I have had an increase in patients who tried Jabra, had limited benefit, and came in to investigate other options. So I finally got a chance to test a Jabra! It’s inexpensive. Why? Frequency response might have something to do with it.

First, on the above audiogram, look at each frequency band and notice how important the high frequencies are for speech intelligibility. The band around 2kHz is the most important at 33%. The band above 3kHz is next in importance at 23%. Below 500 Hz is about 8%.

Now look at the above real ear measurement. This is ideal. Notice how the performance of the hearing aids (green and pink lines) match up with the targets (green and pink markers). (This happens to be an Oticon Intent 1, but any high end hearing aid can match a target all the way out to 8kHz, easily). If you’re not familiar with real ear measurements yet, take a look at the video on the Hearing Aids page.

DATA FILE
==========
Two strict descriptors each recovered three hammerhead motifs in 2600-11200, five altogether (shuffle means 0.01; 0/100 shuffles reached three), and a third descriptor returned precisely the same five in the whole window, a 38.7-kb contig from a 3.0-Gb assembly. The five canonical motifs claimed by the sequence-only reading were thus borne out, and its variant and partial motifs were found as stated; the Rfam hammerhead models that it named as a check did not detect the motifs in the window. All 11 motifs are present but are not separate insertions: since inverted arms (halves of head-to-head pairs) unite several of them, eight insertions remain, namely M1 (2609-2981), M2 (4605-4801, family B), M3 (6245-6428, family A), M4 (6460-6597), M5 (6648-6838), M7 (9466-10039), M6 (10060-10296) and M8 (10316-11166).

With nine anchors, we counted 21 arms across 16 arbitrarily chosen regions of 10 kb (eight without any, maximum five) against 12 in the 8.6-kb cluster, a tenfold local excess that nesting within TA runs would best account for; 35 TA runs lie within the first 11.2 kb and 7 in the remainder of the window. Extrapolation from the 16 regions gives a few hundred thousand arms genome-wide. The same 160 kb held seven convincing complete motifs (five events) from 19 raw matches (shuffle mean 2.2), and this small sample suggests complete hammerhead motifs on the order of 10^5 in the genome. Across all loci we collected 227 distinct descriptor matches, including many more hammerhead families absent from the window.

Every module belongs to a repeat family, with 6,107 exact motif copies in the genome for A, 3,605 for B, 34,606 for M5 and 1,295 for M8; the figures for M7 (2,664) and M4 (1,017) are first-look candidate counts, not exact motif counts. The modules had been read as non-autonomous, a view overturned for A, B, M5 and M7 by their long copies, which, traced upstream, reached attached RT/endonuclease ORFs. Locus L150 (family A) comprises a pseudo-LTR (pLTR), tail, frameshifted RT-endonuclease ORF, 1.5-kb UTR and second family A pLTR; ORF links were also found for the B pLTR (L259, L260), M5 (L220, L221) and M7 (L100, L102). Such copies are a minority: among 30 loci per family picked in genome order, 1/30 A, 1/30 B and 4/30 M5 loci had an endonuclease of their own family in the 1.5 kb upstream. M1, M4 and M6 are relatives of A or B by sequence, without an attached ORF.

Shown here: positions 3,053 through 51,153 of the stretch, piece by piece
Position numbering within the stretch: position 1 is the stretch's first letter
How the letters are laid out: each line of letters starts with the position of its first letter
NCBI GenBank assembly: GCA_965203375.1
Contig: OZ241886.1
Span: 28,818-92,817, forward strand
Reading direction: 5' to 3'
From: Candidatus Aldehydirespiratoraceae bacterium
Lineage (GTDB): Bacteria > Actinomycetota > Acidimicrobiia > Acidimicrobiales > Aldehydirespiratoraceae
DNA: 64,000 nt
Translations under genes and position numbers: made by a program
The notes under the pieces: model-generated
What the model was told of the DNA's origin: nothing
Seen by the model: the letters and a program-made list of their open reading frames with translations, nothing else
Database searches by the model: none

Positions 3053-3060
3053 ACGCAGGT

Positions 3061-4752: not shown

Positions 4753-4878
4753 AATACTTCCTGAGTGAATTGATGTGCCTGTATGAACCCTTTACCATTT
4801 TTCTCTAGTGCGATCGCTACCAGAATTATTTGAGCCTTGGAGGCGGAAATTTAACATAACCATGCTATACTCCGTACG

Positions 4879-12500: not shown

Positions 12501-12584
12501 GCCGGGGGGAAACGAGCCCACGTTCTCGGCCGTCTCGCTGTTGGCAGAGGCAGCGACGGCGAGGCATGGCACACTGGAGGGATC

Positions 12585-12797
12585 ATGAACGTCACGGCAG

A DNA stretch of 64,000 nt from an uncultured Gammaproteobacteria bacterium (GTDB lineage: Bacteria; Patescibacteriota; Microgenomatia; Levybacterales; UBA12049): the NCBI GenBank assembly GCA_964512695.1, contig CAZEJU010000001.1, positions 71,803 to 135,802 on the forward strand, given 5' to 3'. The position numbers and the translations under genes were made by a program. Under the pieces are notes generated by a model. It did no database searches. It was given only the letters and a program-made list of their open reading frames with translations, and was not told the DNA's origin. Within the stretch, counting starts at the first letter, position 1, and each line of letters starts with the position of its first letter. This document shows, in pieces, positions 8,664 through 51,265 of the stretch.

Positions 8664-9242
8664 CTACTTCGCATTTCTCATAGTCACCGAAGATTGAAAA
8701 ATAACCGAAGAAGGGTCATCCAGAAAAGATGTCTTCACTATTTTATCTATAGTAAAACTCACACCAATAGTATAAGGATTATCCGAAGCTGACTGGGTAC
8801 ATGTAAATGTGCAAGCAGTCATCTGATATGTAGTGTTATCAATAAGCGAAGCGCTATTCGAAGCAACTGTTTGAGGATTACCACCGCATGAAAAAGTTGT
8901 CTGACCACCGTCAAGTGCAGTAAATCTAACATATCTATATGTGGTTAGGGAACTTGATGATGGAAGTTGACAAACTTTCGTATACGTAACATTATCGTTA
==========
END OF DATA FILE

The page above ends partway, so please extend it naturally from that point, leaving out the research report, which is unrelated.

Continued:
Now for the Jabra. The left side graph shows that the hearing aid amplification fades above 3kHz. According to the audiogram in the first image, this is a problem because you’re missing 23% of the clarity you could have. (The right side graph shows that the Jabra aid on that side was dead. This can happen to higher end hearing aids too. All it takes is some debris in the microphone. In my experience though, some manufacturers are more reliable than others.)